Publishers Weekly - Publisher's WeeklyGreat-Aunt Martha is coming to visit, which, to this book's less-than-ecstatic narrator means that "I had to pick up every single toy." But that isn't the worst of it. Instead of pizza and pretzels, Mama buys fish, spinach and prune juice at the store and forces the girl to take a bath. The day Aunt Martha arrives is a total drag: when the visitor goes to her room, Mama and Papa decree a ban on watching TV, listening to music, playing with friends and frolicking with the dog-``because Great-Aunt Martha [needs] her rest.'' But the following day, when the family hears a tapping noise in their guest's room, they discover Great-Aunt Martha dancing with her cane. "This place is too quiet! Let's make some noise and have some fun!" declares the spirited woman, who kicks up her sneaker-clad heels and orders pizza for all. While shattering an undeserved stereotype, Jones's (Matthew and Tilly) pithy tale also offers a heartening glimpse of three-generational joie de vivre. Debut artist Jackson's illustrations are marked by vibrant colors and varied perspectives. Her characters' expressive faces convincingly move from frustration to jubilation. Ages 4-8. (June)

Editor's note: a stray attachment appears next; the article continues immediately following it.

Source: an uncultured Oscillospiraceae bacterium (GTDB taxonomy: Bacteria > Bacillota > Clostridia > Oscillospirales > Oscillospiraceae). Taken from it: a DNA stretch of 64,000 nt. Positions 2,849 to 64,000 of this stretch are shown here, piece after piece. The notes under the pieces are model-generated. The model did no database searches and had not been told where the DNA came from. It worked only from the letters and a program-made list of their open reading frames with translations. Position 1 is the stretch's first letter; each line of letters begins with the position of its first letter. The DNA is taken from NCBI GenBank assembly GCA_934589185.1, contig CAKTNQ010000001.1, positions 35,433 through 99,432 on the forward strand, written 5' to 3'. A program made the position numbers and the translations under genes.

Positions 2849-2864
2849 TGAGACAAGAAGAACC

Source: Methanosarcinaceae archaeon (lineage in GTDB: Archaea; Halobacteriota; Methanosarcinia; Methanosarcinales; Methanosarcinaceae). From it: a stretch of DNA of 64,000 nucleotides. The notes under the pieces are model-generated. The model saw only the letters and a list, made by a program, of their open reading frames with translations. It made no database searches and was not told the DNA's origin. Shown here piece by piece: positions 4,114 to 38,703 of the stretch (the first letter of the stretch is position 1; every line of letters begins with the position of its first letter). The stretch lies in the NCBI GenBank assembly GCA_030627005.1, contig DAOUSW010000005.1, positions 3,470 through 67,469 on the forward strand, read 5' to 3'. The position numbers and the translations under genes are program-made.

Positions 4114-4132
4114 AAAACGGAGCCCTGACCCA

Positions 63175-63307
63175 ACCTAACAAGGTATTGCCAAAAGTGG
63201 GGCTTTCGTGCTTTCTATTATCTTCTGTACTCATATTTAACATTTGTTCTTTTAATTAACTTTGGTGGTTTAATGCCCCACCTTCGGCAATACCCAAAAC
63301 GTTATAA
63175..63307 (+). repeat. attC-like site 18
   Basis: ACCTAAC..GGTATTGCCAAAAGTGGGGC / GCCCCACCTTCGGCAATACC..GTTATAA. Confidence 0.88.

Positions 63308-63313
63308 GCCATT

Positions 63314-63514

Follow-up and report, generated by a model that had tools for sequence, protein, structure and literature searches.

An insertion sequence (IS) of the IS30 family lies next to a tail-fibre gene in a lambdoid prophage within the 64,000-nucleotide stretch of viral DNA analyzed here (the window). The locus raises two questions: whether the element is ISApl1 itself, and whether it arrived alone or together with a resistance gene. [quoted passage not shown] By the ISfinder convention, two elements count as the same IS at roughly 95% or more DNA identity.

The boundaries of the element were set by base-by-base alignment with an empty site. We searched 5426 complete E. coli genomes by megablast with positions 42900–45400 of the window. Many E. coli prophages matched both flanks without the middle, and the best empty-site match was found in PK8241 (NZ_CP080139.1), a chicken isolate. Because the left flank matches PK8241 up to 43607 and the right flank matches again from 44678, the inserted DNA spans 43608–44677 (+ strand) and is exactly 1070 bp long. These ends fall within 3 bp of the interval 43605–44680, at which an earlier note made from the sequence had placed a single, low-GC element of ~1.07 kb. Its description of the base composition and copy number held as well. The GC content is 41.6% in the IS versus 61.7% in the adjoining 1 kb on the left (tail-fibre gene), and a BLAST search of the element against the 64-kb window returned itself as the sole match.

Children's Literature - Judith GravitzGreat-Aunt Martha is visiting-and she needs her rest. Told through the eyes and heart of a young girl, this realistic tale chronicles the impact of Great-Aunt Martha's visit upon the daily routines of the narrator. Jackson's pastel-like drawings depict the anticipation of fun activities-dancing playing with a friend, watching television: only to have all plans canceled because "Great-Aunt Martha was here and she needed her rest." The drawings are set on facing pages, showing the before and after affects. After a series of such plans are thwarted, it is revealed that the little girl is not the only one bored by "rest." A gently ironic tale.
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